We headed down to Shoreditch last night for a birthday celebration for the Colombian. We stopped to eat dinner along the way at Canteen in Spitalfields (which was great) but we were far too late getting to Favela Chic, the Brazilian bar/club where people were gathering. The queue was huge and we made little headway despite waiting over half an hour. Luckily, the Colombians came out to say hi to us. It turns out there were several others who’d arrived too late and, like us, had to give our birthday wishes standing outside the club.
Yesterday we drove to Dover (smart move, too, since it was sunny there but remained grey and r
ainy in London) to visit Dover Castle. It’s massive and full of history – there’s an old tower the
Romans used for a lighthouse, and it’s been used in some form or other ever since. It was especially interesting yesterday: as it was a long weekend, they had dozens of people doing historical recreations from all the ages that saw the castle in use. There were Romans and medieval workers and WWII soldiers and several others. And we saved a lot of money by using our English Heritage passes.
Afterwards we had a superb seafood lunch at the great seaside pub the Coastguard. Delicious fish and chips.
We drove back to London but barely had an hour before turning around to go to PC’s where the She-Aussie joined us for an amazing multi-course feast. PC really went all-out. We all wound up stuffed to capacity.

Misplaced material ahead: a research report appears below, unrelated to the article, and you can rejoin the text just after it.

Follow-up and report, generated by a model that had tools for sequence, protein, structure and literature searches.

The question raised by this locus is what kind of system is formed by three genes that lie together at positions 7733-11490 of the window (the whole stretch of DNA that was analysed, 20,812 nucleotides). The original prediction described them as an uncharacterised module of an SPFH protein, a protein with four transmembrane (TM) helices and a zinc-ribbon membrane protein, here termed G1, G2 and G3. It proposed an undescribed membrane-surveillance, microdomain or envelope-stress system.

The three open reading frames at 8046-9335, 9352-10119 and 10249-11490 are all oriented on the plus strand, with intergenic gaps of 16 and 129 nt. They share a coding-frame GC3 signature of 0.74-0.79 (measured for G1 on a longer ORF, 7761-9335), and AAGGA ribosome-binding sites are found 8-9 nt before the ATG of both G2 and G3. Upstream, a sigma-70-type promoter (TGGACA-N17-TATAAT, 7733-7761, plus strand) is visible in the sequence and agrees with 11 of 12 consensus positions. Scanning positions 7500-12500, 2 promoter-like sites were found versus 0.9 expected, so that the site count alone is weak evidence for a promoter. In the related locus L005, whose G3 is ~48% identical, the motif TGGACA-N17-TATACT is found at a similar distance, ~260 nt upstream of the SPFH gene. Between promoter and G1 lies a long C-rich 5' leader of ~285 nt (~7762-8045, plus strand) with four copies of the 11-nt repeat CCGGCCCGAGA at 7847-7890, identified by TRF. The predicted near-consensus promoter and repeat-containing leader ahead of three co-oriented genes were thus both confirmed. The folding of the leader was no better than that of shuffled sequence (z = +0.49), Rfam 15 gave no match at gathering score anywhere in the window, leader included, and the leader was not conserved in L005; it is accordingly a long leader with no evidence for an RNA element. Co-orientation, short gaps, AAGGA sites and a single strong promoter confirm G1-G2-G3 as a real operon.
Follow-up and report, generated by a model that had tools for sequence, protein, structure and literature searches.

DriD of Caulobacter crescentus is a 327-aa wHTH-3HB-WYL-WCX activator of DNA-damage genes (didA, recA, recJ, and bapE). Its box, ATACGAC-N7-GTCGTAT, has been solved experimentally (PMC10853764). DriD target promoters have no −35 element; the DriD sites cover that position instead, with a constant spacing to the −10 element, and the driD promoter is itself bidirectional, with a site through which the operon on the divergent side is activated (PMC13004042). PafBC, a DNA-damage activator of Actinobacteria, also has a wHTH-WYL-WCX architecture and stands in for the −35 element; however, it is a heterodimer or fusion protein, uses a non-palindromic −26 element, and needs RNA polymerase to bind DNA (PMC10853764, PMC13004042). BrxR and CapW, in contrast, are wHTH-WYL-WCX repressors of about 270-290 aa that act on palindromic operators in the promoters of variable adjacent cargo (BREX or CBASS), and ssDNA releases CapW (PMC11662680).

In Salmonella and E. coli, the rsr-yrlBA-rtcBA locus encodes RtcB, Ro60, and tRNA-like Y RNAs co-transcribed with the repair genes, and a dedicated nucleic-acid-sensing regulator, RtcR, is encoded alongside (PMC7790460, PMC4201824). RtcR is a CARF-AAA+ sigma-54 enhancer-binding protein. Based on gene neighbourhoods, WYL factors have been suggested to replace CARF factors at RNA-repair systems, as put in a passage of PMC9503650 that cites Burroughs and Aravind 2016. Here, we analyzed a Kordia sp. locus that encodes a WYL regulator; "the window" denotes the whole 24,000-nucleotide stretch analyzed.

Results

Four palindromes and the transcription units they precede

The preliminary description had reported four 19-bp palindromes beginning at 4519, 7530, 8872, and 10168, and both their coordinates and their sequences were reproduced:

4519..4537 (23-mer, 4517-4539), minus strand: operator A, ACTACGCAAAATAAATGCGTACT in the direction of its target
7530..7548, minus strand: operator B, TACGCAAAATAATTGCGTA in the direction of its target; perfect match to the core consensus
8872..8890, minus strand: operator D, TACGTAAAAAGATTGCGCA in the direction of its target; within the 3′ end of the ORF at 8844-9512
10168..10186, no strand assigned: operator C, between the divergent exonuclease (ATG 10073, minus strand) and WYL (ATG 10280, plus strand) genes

I’m going to have to run a lot this week.
I went for a run yesterday morning, then in the afternoon made my regular annual purchase of new running shoes. I’m trying Nike’s Air Structure Triaxthis year.
Yesterday evening we also got together with the Neighbours for some food and drink, which resulted in me consuming an immense amount of barbequed sea bass and potato salad.
It’s all about balance.
On the plus side, we’ve located a pretty good fishmonger quite close to us. You can chuck a whole sea bass on the barbeque and cook it as-is, which really couldn’t be easier.
It was sunny and 22°C here in London yesterday. We (and probably lots of people) took advantage of this and cleaned up the barbeque, got a new tank of propane, and roasted a whole bunch of meat and veg for some friends.
The Neighbours, Mrs. Colombian, and AK came over mid-afternoon and stayed most of the day. It was a lot of fun, a really pleasant day of sitting outside, grilling sausages and burgers, having a drink, listening to music, and laughing.
We’d done our shopping at the Saturday farmer’s market in West Ealing, and the food was all really good. I got four types of pork sausages: smoked, with Stilton (blue cheese), with Mediterranean tomatoes, and with ale. There were two types of burgers: venison, and lamb and mint. We grilled some fresh red and yellow peppers, red onions, and mushrooms in oil and salt. And we had three types of cheeses, including some buffalo cheese. Mmm mmm.
We met up with the Colombians today downtown. It was good to catch up, as Ms C has been off travelling the world a bit.
We met up at the Tate Modern. I was glad, because I’d been meaning to seeShibboleth, the current and nearly-finished turbine hall installation.
It’s quite neat: the first artwork to actually interfere with the room itself,Shibboleth is a…well, a crack in the floor that runs the entire length of the turbine hall. It’s different from place to place. I’m not sure what it means to me, but I like it. The artist, Doris Salcedo, is from Colombia too.
Afterwards we had a bite to eat and a good ol’ chinwag to catch up.